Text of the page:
Royal Bank of Scotland 0370 600 0459 +44 1268 500 813
Santander 0800 9 123 123 +44 1512 648 725
Starling Bank 0207 9304 450 N/A
TSB 0800 015 0030 +44 2074 812 567
Virgin Money 0800 012 1512 +44 191 279 4604

If we call the general number, it might take longer to be routed to the right department, but most automated systems will give us the option to report a lost or stolen card as soon as we place a call to their helpline, so listen out for that.

It might also be possible to cancel a card directly with Visa or Mastercard, but these card companies usually ask cardholders to go through the bank instead. If that isn't an option, visit their websites to find details on how to get in touch with them and/or start a live chat.

Remember that anyone who wants to cancel a card will need to confirm their identity.

When reporting a lost or stolen card the bank or card provider won't ask for a lot of information, but being able to provide the following will help:

  • The name of the card issuer - bank or otherwise.
  • The country where it was issued.
  • The cardholder's name as printed on the card.
  • The postal address associated with the account.
  • The home phone number associated with the account.
  • Details about how the card went missing.

Visa will also ask for the 16-digit number on the card. They say it's vital to have this information kept somewhere separate from the card itself, and that's a key part of their blocking procedures.

Bank staff should also confirm with the cardholder which address the new card will be sent to. It's worth checking this point as criminals sometimes change an address to get a new card sent to them instead.

After cancelling a card

After cancelling, there's not much to do but wait for a new card.

Most banks say they will send out a card to be delivered within 3-5 working days as long as customers are in the UK. If they're abroad, it might take up to 10 working days.

It's worth double-checking how long this process is going to take, especially if you might need cash in the meantime.

Emergency cash: UK

Some providers allow us to use our mobile banking app to get cash out of certain ATMs without needing our debit card.

This is useful if we need cash while we're waiting for our new card, but it's only offered by a few banks including NatWest, RBS, Barclays, HSBC and Santander.

The service works by giving customers a secure code via their mobile banking app that will be accepted at some ATMs (usually the bank's own). They specify on the app how much they want to withdraw up to a maximum amount and the code must be used within a certain timeframe to be valid.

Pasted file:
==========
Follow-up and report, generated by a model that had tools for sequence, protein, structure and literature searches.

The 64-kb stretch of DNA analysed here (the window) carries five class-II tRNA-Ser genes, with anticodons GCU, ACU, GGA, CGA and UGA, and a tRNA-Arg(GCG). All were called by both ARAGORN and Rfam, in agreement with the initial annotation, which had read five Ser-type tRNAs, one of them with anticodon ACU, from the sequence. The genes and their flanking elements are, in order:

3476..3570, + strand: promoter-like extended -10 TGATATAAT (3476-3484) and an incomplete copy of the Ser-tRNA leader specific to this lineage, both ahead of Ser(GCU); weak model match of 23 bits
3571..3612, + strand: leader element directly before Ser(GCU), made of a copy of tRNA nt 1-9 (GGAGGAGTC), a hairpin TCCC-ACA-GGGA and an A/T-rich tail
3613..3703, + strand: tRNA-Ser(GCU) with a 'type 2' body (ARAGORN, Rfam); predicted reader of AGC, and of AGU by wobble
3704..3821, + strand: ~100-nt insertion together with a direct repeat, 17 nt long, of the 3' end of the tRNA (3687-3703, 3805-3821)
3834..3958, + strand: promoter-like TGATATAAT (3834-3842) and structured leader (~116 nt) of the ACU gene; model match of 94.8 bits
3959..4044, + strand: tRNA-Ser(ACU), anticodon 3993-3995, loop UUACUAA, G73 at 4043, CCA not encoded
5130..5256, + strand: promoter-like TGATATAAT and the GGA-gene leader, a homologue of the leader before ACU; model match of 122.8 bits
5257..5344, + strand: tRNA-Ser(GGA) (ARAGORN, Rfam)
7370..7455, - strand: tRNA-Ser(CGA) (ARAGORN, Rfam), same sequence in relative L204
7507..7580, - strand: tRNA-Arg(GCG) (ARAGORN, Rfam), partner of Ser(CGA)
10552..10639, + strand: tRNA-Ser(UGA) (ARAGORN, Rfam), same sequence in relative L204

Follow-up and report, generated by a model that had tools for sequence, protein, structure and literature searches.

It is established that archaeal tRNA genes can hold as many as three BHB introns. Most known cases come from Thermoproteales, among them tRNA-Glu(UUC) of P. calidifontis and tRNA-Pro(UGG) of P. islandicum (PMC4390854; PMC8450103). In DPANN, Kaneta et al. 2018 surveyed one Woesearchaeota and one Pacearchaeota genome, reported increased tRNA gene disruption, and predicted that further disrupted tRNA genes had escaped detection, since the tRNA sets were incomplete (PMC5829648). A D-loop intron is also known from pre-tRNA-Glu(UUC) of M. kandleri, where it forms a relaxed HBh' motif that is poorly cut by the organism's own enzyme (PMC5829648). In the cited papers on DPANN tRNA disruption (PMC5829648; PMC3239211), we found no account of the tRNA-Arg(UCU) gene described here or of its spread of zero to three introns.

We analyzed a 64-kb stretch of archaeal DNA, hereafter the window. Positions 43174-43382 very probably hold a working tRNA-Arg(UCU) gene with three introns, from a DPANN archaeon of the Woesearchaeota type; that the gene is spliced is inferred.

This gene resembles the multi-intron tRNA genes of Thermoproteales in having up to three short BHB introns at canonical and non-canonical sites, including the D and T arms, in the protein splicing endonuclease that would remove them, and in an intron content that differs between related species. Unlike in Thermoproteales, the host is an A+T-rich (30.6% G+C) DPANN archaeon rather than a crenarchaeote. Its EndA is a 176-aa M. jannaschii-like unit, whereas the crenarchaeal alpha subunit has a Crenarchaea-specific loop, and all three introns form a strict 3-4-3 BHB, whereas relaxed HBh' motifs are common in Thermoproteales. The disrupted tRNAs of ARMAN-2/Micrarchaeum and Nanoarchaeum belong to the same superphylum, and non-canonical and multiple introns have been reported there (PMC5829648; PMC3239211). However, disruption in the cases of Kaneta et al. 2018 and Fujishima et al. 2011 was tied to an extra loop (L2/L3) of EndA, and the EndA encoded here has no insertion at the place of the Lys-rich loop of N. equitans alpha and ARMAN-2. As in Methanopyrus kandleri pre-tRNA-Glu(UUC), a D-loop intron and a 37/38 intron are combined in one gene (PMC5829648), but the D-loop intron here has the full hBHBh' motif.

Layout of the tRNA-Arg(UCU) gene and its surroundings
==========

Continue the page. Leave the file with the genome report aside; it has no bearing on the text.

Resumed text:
There may also be similar options for online banking customers, so log into an online banking account to check and emergency cash can also be discussed through telephone banking or in-branch.

Customers are asked to visit their nearest branch with some form of identification in order to release some money, and most will make money available over the counter following a few security checks.

Note that the money comes from the affected customer's account and is not an advance from the bank. Therefore, this scheme only works if the customer already has enough funds in their account to cover the request.

Emergency cash: abroad

Banks have their own informal help schemes for lost or stolen cards abroad, so it's worth asking what they have in place when calling to cancel a card.

However, it's also true that using our UK debit and credit cards abroad isn't always the financially sensible option, so it's worth thinking about travel credit cards or prepaid cards and leaving the daily ones at home instead.

Retrieving stolen money

After the initial worry of losing a card or having one stolen, the next concern is getting back any money that was fraudulently taken.

We have a full guide to the compensation available here.

In brief, under the rules laid down in the Payment Services Directive, when fraud was not the cardholder's fault they have the right to a full refund of the amount taken and to get that refund immediately.

However, if the cardholder is at all at fault - for example, they didn't keep their PIN secure - they can be liable for £50 of any disputed transaction. Although it's up to the card provider to prove negligence.